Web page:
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Moving Averages That Work
Of all the things that are written about in trading probably the most common is the Moving Average. It is the starting point for most tutorials and the hope of every new trader that he will find a moving average that he can apply to a chart and that will make money.
What Is A Moving Average
A moving average is simply the average number
of a given sequence of numbers. If you have 5 numbers in
a sequence e.g. 4,8,6,4,7 the average is 5.8; you get this
by first adding all the numbers in the sequence and then
dividing that number by the amount of numbers in the sequence.
The table above is a 5 period simple moving average. The average of 9263.21 is the average of the previous 5 closes.
If you were to see this on a chart it would look like this.
Here's the problem with a lot of moving averages. The average you use may not be representative of the market as it actually is.
Let's say you have 5 cars in a parking lot. 4 of the cars are worth $10,000 and the other one is worth $50,000. The average of all the cars is $18,000 right. But is that a fair representation of all the cars in the lot?
Most of the cars are $10,000 but because one car is aberrantly
priced it effects the whole average. The same is true of the
markets. You can sometime have a huge move in the market that
effects the moving average and because you may for example
be using a 5 period moving average it will effect the average
for the next 5 days even though the next 4 days may have a
very small range. You won't see an accurate refection of the
market until the sixth day when the large range day drops
Types Of Averages
Simple Moving Average
Weighted Moving Average
Exponential Moving Average
The exponential moving average is similar to the weighted moving average inasmuch as it places more emphasis on recent data. Typically a % of the most recent data is calculated and deducted from the previous data in the sequence.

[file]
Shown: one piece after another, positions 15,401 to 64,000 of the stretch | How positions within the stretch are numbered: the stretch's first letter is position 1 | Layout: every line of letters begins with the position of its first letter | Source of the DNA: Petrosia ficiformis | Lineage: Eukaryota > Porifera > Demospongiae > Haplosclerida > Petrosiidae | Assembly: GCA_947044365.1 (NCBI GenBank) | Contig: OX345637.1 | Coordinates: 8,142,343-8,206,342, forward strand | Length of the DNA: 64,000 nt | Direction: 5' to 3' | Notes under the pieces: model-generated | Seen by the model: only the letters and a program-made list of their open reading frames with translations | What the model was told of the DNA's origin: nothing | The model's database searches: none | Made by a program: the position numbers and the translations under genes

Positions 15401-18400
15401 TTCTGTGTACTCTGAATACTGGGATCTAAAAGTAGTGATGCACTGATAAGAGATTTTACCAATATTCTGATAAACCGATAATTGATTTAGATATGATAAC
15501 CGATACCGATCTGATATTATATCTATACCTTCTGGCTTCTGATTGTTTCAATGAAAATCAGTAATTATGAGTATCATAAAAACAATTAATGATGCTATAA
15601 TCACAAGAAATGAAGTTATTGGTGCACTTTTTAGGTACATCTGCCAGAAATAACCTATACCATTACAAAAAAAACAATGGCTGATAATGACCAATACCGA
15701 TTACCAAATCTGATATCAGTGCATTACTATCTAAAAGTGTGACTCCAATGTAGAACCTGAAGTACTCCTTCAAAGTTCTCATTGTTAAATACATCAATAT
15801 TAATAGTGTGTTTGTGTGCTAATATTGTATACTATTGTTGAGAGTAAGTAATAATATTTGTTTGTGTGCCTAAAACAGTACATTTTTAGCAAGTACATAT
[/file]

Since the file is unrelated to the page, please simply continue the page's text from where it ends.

There are many other types of moving averages but the above are the most common. It is interesting to note that in all the studies I have read there is no significant difference in the type of moving average used over time. The longer the look back period the less difference there is in the moving average.
The main problem I have found with new traders is that they will use a moving average for entry signals regardless of market conditions. Moving averages are best used for trending markets. Using moving averages in a market that is in consolidation will most likely lead to loss.
First let me tell you that displaced moving averages are
not the Holy Grail. They have however helped me a lot in my
The great advantage of this is that you will know what average you are using in advance. If you are using a 3 period moving average displaced once then you will know the moving average you will be using tomorrow before tomorrow comes.
In the chart below there are two moving averages. The black line is a typical 20 period moving average. The green line is a 20 period moving average displaced 5 times into the future.
You can see that in this up trend there are fewer closes
below the green line thus keeping you in the trade longer.
With less whipsaw you don't get kicked out of the trade as
There are an infinite number of combinations you could use with displaced moving averages. Experiment for yourself and have some fun with them. When I use moving averages I always use a displacement. I find it just mimics the trend better.
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